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Author Topic: SMR Queens  (Read 1990 times)

Offline TwT

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SMR Queens
« on: December 20, 2004, 12:41:01 AM »
This is a new letter i just got from Lapp Bee Supply

Dear Beekeepers & Friends

     The wholesale price of honey has softened somewhat. However, the shelf price has not changed. The demand for honey still seems to be strong. There does not seem to be a great surplus in supply. Our customers who go to farmers market say that they have excellent to go sales throughout the summer and fall. So what are you going to do? Give it away or hold your price. Is it better to give it to a packer or to a consumer? I'll let you be the judge.
     I have a story to tell that has a light at the end of the tunnel. I believe it to be a true story about a Wisconsin beekeeper who has not treated his colonies going on four years. He raises about 60 plus per hive. Winters better than most of us and produces good crops when the years are wet as he is on sand. He likes to raise queens, test the different strains of bees, and judges everything according to his methods. He does not keep many secrets as he loves to talk bees. He has pestered me over the years to buy a SMR breeder queen from Glen's Apearies in California. An interested breeder cost $100.00 shipped to you. Good enough for me as I am tired and retired with only a 100 colonies to play with. The days of the 100 plus barrel crop are over. This year I gave in and ordered an SMR breeder. Glen's now have them in Italic. However, black was suggested so I can tell if the cells take or not. I ordered black.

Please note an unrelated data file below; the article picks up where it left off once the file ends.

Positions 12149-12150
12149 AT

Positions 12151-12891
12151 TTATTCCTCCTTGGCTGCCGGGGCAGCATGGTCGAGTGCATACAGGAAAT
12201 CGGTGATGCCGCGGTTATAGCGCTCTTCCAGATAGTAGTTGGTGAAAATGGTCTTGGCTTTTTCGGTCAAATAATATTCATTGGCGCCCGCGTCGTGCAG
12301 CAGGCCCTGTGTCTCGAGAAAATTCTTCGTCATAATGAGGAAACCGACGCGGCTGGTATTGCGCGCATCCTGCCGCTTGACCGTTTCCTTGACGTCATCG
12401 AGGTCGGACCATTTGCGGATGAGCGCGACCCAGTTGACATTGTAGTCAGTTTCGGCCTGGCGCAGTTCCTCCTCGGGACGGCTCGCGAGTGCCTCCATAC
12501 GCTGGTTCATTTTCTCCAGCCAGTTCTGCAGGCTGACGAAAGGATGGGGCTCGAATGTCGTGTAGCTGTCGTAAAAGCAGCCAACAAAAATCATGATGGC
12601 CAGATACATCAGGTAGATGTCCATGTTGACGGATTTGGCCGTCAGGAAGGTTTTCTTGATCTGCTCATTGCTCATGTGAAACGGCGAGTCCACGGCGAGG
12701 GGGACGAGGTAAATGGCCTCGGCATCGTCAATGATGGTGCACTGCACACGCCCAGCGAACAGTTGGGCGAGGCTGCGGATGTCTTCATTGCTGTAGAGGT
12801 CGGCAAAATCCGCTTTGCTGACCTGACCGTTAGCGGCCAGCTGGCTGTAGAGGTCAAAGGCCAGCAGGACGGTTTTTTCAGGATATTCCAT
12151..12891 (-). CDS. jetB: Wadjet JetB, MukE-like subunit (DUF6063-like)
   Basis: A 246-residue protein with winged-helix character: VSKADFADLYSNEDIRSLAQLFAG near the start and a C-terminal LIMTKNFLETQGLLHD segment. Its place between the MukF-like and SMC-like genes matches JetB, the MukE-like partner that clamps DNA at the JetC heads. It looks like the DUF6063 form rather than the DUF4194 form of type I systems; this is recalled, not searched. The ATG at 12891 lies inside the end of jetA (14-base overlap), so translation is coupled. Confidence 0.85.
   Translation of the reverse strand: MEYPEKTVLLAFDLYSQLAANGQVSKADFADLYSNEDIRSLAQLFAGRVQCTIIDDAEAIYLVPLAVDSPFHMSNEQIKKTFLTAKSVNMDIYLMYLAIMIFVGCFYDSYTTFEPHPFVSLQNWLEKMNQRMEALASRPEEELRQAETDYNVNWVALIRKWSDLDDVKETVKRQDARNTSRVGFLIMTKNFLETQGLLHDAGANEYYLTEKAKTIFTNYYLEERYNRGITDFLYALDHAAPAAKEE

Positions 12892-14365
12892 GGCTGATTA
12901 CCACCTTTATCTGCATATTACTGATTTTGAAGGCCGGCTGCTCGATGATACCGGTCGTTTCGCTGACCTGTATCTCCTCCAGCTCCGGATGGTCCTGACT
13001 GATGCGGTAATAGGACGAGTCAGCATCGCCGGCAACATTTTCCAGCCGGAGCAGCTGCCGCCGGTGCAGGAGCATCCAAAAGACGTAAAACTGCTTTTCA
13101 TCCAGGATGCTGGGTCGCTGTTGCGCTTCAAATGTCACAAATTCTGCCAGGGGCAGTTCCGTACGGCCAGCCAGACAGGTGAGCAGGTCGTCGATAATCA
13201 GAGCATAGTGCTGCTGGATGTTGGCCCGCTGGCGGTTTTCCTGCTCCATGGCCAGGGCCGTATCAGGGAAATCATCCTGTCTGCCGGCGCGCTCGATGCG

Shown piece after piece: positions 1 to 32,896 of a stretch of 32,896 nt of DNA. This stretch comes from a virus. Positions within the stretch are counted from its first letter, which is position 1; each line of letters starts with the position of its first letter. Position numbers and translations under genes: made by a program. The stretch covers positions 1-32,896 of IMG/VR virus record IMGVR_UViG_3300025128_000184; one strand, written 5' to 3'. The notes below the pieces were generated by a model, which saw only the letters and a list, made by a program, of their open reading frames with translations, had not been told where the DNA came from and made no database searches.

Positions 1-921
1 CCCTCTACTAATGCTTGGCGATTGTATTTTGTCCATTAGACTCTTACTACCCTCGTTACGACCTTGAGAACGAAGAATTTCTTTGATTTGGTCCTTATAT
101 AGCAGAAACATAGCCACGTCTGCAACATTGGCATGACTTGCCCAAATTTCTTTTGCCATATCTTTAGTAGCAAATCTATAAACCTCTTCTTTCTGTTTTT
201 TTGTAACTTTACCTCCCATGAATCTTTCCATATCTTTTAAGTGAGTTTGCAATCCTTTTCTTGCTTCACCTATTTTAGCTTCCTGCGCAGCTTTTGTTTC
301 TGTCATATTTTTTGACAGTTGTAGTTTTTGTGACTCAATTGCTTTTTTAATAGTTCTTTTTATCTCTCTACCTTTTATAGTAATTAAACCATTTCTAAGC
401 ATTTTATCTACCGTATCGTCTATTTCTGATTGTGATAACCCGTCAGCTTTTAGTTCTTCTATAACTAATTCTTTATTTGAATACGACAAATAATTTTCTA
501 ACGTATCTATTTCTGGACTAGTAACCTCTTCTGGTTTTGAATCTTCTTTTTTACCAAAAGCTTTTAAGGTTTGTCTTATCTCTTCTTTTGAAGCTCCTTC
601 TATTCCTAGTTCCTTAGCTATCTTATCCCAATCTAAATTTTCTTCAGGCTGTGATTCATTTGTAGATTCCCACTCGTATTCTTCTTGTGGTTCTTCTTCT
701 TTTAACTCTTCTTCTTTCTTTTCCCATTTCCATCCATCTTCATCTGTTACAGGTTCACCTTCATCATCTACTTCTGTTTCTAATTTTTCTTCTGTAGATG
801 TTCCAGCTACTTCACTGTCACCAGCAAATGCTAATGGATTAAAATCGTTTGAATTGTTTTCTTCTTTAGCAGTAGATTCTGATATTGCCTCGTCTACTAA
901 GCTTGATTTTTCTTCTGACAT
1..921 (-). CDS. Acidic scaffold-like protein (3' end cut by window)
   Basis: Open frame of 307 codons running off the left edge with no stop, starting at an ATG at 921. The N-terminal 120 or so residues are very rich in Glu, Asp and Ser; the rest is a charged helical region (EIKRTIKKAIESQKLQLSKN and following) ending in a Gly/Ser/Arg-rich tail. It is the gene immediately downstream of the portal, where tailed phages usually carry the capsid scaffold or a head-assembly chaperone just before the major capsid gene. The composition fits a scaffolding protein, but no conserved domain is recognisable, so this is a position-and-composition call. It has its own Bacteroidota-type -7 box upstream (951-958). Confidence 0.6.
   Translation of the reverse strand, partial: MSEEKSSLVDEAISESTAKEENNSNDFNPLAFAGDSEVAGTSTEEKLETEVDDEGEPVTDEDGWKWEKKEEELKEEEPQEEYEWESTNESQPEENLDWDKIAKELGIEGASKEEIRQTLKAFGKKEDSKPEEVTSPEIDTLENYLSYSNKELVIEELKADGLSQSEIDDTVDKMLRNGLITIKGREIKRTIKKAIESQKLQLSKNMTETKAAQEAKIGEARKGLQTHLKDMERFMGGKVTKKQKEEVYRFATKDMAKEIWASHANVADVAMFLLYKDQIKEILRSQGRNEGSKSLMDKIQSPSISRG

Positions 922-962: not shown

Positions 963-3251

For you information Glen's Apearies is the only queen breeder that the USDA authorized to sell the 100% SMR breeder queens. These queens are very close to being the 100% resistant to varroa mites. According to beekeeper Ron they are 100% resistance as he has never found a mite in any of his SMR breeder queen nuc boxes.
     How does this work? You need to purchase a 100% pure SMR queen. Raise cells from her and cross with your drones for each of your colonies. The first cross your end up with a 50% SMR queen which will reduce the mite population in your colonies approximately
50%. Some pesticides are not that good anymore. 50 % is not good enough not to treat so you should treat the first year. The second year you again buy another 100% SMR queen and raise cells and cross them with your drones that now have some SMR in them. You need to treat in the spring as your new queens need to raise brood and the brood needs to hatch out in order to obtain the protection that you need. If you feel nervous treat again in the fall. You must purchase 100% SMR breeders and requeen yearly for at least three years to build up SMR traits in your drone stock. After that you can sustain the SMR trait in your bees. It would be wise to keep brining in the SMR trait with a breeder as Glen is adding traits to the line for tracheal mites resistance as well as varroa.
     If you belong to a bee club, this is a good club project for its members. For more information about SMR queens check the web site:
     Good Beekeeping


Herb and Judy Lapp

PS. The SMR queen is really an extreme hygienic queen.

Never be afraid to try something new.
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Offline Horns Pure Honey

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SMR Queens
« Reply #1 on: December 20, 2004, 12:59:23 AM »
Didnt come up. That sounds good to me though. bye
Ryan Horn